Ocean County College
Department of Biology
Date Submitted: 5-2-12
Course: Biology- 162
Instructor: Prof. Estelle
The poliovirus is one of the most transmittable and most contagious viruses that the human population has come in contact with. The structure of the poliovirus allows it to be able to bind to motor neuron cells within a host’s body and reproduce quickly. Like all virus’s, the poliovirus requires a host to survive. Humans are the primary hosts for the virus and the virus is extremely transmittable by way of person-person contact (most commonly fecal-oral contact). Although the virus is extremely contagious, the human immune response can be considered a very worthy advisory in fighting polio. Most of those infected will not experience any symptoms, and only a very small percentage of those who do will develop paralysis from the virus. There are three known strands of the poliovirus, commonly referred to as PV1, PV2, and PV3. Brilliant research and modern science have since almost eradicated the virus through the development of vaccines and a global eradication plan. Despite the success of scientists, containing the virus still remains pertinent due to the virus’s ability to mutate. The virus’s ability to “drift” and mutate has led to many polio cases caused by the vaccinations themselves.
The study of the poliovirus has led to a better understanding of all viruses, as well as a worldwide polio eradication goal that is considered extremely successful. Today the U.S. sees approximately eight paralytic polio cases a year; a suburb achievement considering that 21,000 cases of paralytic polio were reported only sixty years ago. Although the virus is considered mostly eradicated, the virus’s ability to mutate requires further attention be paid to keep it under control. Many aspects contributed to the understanding of the poliovirus and this study will attempt to explain how polio went from a feared viral disease, to becoming regarded as a scientific success. This study will attempt to shed light on how intricate and complicated a small virus can be, as well as how efficient the human immune response is in fighting off the virus. Perhaps the only thing more impressive than the inner workings of the poliovirus is the time and research done by those before us that led to its understanding. Results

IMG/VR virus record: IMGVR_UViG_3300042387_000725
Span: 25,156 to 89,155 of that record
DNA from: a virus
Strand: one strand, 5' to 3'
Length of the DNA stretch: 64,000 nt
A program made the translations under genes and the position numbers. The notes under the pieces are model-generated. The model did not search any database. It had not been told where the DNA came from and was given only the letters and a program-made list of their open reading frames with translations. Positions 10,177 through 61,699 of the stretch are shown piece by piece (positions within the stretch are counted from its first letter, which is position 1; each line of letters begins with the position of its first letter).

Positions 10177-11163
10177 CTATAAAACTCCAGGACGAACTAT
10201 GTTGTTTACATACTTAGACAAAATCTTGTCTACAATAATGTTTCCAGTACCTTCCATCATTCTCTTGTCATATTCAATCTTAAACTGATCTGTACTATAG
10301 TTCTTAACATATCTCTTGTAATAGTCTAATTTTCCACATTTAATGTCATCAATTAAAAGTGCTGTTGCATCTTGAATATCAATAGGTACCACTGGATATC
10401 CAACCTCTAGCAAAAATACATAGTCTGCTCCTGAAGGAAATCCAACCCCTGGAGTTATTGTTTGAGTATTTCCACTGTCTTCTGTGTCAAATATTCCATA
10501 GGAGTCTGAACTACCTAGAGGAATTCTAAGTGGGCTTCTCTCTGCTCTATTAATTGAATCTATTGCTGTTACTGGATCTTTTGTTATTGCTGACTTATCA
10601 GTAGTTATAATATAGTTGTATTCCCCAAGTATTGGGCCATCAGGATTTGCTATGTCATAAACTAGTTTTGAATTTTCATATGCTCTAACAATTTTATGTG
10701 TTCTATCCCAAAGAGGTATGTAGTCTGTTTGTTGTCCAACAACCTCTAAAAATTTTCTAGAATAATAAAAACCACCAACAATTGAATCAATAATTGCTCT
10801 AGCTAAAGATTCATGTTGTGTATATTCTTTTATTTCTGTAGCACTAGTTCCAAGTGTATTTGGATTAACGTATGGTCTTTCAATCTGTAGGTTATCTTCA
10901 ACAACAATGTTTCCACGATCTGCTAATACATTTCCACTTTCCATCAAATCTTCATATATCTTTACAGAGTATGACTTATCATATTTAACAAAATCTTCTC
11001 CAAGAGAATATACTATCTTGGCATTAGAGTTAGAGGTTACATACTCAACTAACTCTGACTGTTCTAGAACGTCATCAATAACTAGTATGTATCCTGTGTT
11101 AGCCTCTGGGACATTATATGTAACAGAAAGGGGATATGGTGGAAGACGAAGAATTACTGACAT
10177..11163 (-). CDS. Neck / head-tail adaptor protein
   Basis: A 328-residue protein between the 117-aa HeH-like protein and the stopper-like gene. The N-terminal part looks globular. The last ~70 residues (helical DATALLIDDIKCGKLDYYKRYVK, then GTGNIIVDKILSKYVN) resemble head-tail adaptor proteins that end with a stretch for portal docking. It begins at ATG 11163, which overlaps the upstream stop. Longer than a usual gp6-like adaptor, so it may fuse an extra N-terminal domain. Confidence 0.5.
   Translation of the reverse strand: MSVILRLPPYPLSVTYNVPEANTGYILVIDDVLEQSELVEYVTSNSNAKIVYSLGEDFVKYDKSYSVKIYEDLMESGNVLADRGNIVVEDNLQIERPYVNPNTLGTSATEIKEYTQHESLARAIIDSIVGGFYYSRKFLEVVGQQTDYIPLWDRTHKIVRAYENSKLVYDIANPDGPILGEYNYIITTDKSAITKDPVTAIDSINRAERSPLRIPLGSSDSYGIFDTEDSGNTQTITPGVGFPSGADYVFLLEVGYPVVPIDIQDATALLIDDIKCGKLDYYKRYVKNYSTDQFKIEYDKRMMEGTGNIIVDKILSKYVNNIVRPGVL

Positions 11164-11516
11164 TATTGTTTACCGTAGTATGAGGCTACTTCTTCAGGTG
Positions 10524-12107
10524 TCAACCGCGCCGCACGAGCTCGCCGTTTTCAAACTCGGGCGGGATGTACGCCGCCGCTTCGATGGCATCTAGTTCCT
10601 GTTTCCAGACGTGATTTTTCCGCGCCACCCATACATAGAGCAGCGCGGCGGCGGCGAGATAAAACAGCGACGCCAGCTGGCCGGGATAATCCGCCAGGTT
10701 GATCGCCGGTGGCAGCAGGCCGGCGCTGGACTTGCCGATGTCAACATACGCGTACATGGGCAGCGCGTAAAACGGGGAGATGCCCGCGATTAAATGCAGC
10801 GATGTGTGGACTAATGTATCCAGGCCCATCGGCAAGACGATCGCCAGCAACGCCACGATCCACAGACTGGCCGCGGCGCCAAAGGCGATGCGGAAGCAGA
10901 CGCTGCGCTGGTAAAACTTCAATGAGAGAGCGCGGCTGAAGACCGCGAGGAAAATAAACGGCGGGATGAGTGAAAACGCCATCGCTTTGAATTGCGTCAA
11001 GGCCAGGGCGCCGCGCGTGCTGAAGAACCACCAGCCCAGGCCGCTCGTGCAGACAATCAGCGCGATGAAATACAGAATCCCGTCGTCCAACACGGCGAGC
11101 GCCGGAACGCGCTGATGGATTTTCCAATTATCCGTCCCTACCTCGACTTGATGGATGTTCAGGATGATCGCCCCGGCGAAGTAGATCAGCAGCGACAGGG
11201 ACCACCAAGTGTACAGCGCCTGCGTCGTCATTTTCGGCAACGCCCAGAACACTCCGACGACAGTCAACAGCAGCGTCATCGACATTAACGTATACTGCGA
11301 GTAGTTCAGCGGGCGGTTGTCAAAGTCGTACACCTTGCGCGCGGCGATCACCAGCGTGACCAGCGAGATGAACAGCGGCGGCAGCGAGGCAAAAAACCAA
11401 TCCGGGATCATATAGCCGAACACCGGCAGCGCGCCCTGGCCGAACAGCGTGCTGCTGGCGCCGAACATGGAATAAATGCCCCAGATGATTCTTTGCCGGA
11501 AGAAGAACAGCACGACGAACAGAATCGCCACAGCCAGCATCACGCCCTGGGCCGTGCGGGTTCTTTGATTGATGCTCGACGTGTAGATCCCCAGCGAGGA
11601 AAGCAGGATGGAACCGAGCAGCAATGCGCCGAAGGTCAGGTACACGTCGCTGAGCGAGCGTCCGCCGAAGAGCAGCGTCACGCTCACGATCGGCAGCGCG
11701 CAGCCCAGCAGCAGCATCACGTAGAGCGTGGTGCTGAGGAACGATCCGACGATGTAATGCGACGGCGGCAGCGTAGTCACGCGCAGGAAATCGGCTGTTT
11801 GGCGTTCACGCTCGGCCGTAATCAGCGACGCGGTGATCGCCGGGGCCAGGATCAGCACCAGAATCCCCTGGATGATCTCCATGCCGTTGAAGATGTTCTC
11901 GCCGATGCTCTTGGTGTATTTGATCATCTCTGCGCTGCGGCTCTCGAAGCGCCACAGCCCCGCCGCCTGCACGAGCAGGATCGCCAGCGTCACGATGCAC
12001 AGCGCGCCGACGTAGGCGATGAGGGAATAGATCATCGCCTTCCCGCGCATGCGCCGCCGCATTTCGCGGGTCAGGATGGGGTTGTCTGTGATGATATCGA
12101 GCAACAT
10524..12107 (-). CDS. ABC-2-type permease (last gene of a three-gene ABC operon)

A. Poliovirus Structure: One of the first viral structures ever discovered, the poliovirus is a relatively simple, small, icosahedral, nonenveloped, RNA virus of the viral family Picornaviridae. A virion, or particle, of the poliovirus is essentially an RNA strand surrounded by a capsid. Receptors are on the surface of the capsid that help the virus identify and bind to motor neurons in the host’s body. The capsid is composed of proteins, and its main function is to surround and protect the RNA. Polio's genetic information is contained on a single strand of RNA which codes for invading the ribosomes of target cells. Understanding the structure of the poliovirus has not only led to a vaccine for the virus, but has also contributed to understanding the replication of animal RNA virus’s in general. A noteworthy step in understanding the disease was the recognition that there are immunologically distinct strains of the virus. Another major breakthrough occurred in 1985, where Jim Hogle and his collaborators solved the structure of poliovirus to a resolution of 2.9 angstroms (Hogle, Chow and Filman, Science 229: 1358-1365). Holk and his team noted that the virus had a pattern of interlocking N-terminal arms of subunits; these...
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